My garden visits have dropped off since the semester ended, but I’ve made it to a few in the last few weeks. I met some friends at the Brooklyn Botanic Garden to see the roses, and although it was just after a storm, the sheer number of roses was pretty impressive. Worth a trip to either the NYBG or BBG at this time of year.
I went up to Wave Hill yesterday and finally caught one of the free tours. Perhaps a bit more rambling than one would like, but interesting to get a bit more of the history and some more plant names. Summer plants don’t hold my attention quite the same way as their spring counterparts. Nonetheless, I found Salvia discolor, Stachys officinalis, Acanthus balcanicus, Kirengeshoma palmata, Aquilegia ‘Swallowtail’, Penstemon ‘Husker Red’, Magnolia macrophylla and a blooming Magnolia grandiflora (which smelled like heaven) quite diverting.
The last two posts on Ben Pentreath’s blog have been great. The latest is hipster sculptures and the one prior is on Poundbury (an experimental development based on Prince Charles’ design principles).
Auntie Shelley is always going on about her (admittedly quite beautiful) Hakone grass so I thought she might appreciate this post on propagating it
Kelly and I had a good visit a few weeks back. You can see her pretty flowers here!
We got a kick out of the elaborate kale garden at the BBG
Larkspur, shirley poppy, and Stachys officinalis at Wave Hill
Salvia discolor (it’s more silvery in person)
Bees always seem so happy in salvia. You should plant some. This one is Salvia verticillata ‘Purple Rain’.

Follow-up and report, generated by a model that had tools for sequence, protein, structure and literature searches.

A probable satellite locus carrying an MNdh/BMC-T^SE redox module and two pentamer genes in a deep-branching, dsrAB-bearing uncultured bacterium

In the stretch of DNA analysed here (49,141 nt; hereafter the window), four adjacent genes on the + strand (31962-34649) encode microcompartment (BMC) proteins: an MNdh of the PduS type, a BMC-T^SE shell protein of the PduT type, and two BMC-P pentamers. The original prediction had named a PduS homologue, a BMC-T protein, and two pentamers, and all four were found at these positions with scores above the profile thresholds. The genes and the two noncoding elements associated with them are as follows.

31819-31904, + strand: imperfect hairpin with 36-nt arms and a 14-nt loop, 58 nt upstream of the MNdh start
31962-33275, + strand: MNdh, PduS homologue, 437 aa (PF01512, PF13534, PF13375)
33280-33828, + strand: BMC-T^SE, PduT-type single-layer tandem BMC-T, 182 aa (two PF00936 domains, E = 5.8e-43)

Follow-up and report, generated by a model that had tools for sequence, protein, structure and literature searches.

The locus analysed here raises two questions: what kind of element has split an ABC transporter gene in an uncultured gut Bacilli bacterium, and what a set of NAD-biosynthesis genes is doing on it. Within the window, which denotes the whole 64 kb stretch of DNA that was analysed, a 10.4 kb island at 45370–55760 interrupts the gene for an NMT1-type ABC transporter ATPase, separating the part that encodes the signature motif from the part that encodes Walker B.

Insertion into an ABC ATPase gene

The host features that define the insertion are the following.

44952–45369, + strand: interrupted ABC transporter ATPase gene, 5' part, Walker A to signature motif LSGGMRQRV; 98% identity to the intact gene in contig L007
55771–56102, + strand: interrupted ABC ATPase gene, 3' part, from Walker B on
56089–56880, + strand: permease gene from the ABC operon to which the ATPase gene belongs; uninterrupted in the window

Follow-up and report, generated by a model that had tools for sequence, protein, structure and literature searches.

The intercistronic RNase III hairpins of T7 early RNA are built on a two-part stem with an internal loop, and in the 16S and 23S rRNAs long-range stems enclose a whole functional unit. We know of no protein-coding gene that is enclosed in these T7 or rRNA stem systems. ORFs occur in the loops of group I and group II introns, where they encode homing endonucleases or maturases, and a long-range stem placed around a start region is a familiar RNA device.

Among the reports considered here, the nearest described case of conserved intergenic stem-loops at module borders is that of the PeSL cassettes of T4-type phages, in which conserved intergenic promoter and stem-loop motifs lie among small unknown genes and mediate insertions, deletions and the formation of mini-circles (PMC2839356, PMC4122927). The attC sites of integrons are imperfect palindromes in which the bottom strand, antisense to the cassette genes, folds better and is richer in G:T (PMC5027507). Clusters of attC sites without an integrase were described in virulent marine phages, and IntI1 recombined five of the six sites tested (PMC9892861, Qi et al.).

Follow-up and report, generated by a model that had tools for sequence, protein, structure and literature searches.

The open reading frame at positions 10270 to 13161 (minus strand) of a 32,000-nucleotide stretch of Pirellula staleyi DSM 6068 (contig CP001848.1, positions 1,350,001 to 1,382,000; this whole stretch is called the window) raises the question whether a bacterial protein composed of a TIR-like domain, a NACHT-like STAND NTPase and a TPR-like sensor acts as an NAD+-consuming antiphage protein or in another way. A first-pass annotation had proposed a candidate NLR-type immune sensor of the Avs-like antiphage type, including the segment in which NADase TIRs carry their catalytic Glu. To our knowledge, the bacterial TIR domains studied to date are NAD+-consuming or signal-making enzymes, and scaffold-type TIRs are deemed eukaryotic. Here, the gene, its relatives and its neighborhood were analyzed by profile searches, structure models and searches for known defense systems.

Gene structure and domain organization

My final semester is coming to a close. Tomorrow is the last day of classes, Thursday the last day at my internship, and then only two exams to get through. It feels almost miraculous to be planning graduation parties… I can’t wait until my family arrives!
Until then, some recent pictures of tulips for Aunty Cathy. There’s also a sweet article in the NYT on the man who does the tulips on Park Ave. The Upper East side definitely takes tulips seriously… wandering the streets right now is spectacular.
This post is to commemorate my first yellow magnolia sighting (Magnolia ‘Elizabeth’ – patented by the Brooklyn Botanic Garden in 1977, which is conveniently where this particular tree is located). Wish you were here Uncle D. I threw in some camellia pictures and a tulip/Italian arum combo I thought you would appreciate. Also they had some really lovely Corylopsis sinensis var. calvescens which I didn’t get a good picture of but that I definitely want in my future garden.